Wednesday, March 24, 2010

they say it rots your brain

my mother was right. television rots your brain. to be honest, i'm not sure if my mom ever really uttered those words, but someone's mom did somewhere at some point, and now i'm learning it firsthand.

about a month ago, i started watching gray's anatomy from the first episode on dvd. i finished the first two seasons and then moved on to glee. i've also been keeping up with american idol, the office, 30 rock, and snl. now, my most faithful of blog-readers will have connected by now that it has been just over a month since my last post and, that's right, i'm blaming tv. the shows that are airing weekly, which i enjoy via dvr, are not so much the problem. it's those confounded shows on dvd that ruin my life. i will come home from working 2 jobs and think to myself, "katie, sure you have something brilliant to write about - an insightful piece of perspective or didactic little short story - but no, you deserve to sit and watch 3 episodes of gray's stupidity. sure, your room needs to be cleaned and the kitchen floor is sticky, but instead of seeing to those things, you should probably watch glee until your eyes start to close."

ahhhhhhhh is all i have to say about that. anyone who knows me knows that if i am watching something on tv, be it "good" or "bad" television, or even a movie (though i have less tolerance for bad movies) the rest of the world fades away. it's strange, really. the house could be on fire, and still i will gaze upon the flickering screen. i can't really abide chatter during movies or television, unless it adds something or makes me laugh - it's part of my condition.

all of this to say - i think i enjoy television and movies more than a lot of people, but it's for that reason i feel the need to temper my consumption. kind of like an alcoholic with booze. i know what you're thinking: "but katie, an alcoholic probably shouldn't have a tempered amount of alcohol, they should have no alcohol at all." and to that i say: "well, friend, that's where the analogy fails." seriously, i just need to really monitor my series-on-dvd consumption and i'll be fine. if, let's say, in a few months, i haven't written anything, you come to my house and find me in a katie-shaped hole on my couch and a remote fused to my hand, that's when you can stage an intervention. it's not so much that i watch an unhealthy amount of tv (or have been recently), i have just been spending an unhealthy percentage of the small amount of free time i do spend at my home, watching tv instead of cleaning my house or writing - two things that i used to be pretty good about keeping up with.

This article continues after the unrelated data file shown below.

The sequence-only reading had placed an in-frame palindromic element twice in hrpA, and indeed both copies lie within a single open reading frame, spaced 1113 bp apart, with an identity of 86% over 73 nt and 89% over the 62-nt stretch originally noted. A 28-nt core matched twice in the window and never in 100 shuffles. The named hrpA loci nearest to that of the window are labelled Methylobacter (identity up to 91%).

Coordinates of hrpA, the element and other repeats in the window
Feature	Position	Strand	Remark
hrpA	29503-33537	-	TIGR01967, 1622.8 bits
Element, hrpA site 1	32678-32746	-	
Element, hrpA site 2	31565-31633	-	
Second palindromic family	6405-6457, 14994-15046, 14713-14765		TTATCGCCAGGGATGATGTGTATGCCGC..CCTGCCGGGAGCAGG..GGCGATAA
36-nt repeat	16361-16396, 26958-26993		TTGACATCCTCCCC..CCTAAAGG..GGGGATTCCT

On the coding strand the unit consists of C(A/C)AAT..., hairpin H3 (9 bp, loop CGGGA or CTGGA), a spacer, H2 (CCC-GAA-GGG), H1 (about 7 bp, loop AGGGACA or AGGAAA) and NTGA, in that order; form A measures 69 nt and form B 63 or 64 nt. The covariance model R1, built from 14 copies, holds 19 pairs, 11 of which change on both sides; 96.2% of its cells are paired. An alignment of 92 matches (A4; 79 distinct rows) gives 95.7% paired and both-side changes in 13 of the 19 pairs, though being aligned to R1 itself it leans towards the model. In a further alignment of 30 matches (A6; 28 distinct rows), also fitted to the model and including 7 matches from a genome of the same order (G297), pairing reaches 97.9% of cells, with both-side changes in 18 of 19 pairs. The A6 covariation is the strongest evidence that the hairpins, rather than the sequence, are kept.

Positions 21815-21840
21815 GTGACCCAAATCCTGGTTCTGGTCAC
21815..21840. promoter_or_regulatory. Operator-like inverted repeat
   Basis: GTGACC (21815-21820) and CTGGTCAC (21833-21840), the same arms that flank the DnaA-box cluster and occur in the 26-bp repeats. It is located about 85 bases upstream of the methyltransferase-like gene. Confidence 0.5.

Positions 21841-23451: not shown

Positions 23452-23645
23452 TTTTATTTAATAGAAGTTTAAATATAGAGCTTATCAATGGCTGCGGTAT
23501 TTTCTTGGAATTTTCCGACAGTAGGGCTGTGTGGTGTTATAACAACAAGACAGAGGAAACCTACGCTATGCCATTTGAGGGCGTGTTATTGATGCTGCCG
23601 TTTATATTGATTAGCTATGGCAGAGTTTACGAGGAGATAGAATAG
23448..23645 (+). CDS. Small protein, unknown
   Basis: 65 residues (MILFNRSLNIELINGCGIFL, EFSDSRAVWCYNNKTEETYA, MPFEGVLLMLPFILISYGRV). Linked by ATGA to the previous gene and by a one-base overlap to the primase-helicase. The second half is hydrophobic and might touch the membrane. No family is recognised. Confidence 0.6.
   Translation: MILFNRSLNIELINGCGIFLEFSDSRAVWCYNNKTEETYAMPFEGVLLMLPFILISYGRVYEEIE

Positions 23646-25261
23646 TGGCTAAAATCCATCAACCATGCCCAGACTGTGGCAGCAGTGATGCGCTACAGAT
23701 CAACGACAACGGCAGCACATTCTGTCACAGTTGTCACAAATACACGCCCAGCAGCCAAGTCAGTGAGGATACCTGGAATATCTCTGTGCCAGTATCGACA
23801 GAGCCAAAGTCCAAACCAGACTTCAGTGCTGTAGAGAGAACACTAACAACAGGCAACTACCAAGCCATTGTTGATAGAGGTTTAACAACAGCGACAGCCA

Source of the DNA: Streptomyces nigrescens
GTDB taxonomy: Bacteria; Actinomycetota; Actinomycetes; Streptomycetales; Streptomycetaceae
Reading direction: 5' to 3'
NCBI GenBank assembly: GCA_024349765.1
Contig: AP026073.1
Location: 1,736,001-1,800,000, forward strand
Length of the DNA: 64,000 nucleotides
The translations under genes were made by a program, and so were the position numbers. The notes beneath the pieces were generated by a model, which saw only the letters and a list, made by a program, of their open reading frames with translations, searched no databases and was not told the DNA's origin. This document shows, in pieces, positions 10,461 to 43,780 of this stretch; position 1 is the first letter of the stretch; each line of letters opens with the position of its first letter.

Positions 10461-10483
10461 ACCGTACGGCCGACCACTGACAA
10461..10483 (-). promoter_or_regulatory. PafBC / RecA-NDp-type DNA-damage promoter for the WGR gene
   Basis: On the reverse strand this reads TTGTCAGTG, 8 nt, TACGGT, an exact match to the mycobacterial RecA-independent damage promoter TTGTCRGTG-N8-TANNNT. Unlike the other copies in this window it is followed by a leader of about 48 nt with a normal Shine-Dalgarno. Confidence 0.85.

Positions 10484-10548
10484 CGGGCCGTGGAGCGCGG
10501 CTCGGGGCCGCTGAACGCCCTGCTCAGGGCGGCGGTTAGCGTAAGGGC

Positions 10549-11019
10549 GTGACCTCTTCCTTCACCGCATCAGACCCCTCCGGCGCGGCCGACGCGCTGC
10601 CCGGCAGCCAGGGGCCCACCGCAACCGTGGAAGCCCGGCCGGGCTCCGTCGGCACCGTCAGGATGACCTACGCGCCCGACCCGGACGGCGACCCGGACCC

i hope you know that i'm being unnecessarily dramatic and don't think me some sort of recluse. on the contrary - if i were smarter, i would connect this problem to my general lack of down time. the fact that i really enjoy sitting for so long should probably clue me in to the fact that i do too much general "going." i will not, however, come to this conclusion, but will simply say that i should write and clean more, even if it means watching less.

as a sort of side note, i would like to say that i don't think that i really like gray's anatomy. the more i watch it, the more i feel like the characters aren't real people, and i must have real people. they do crazy things all willy nilly and often out of character, it seems just for shock value. i have the first disc of the third season from netflix, so we'll see if that ever finds its way into my brain before it finds itself back in the mailbox.

glee, on the other hand, is much more clever. it is obscenely cheesy, but so full of self-mockery, that you can't help joining in. i'm trying to finish the dvd episodes before it starts airing again. that way, i will have no more shows on dvd, hopefully, and my life can return to it's previous prolific and organized state.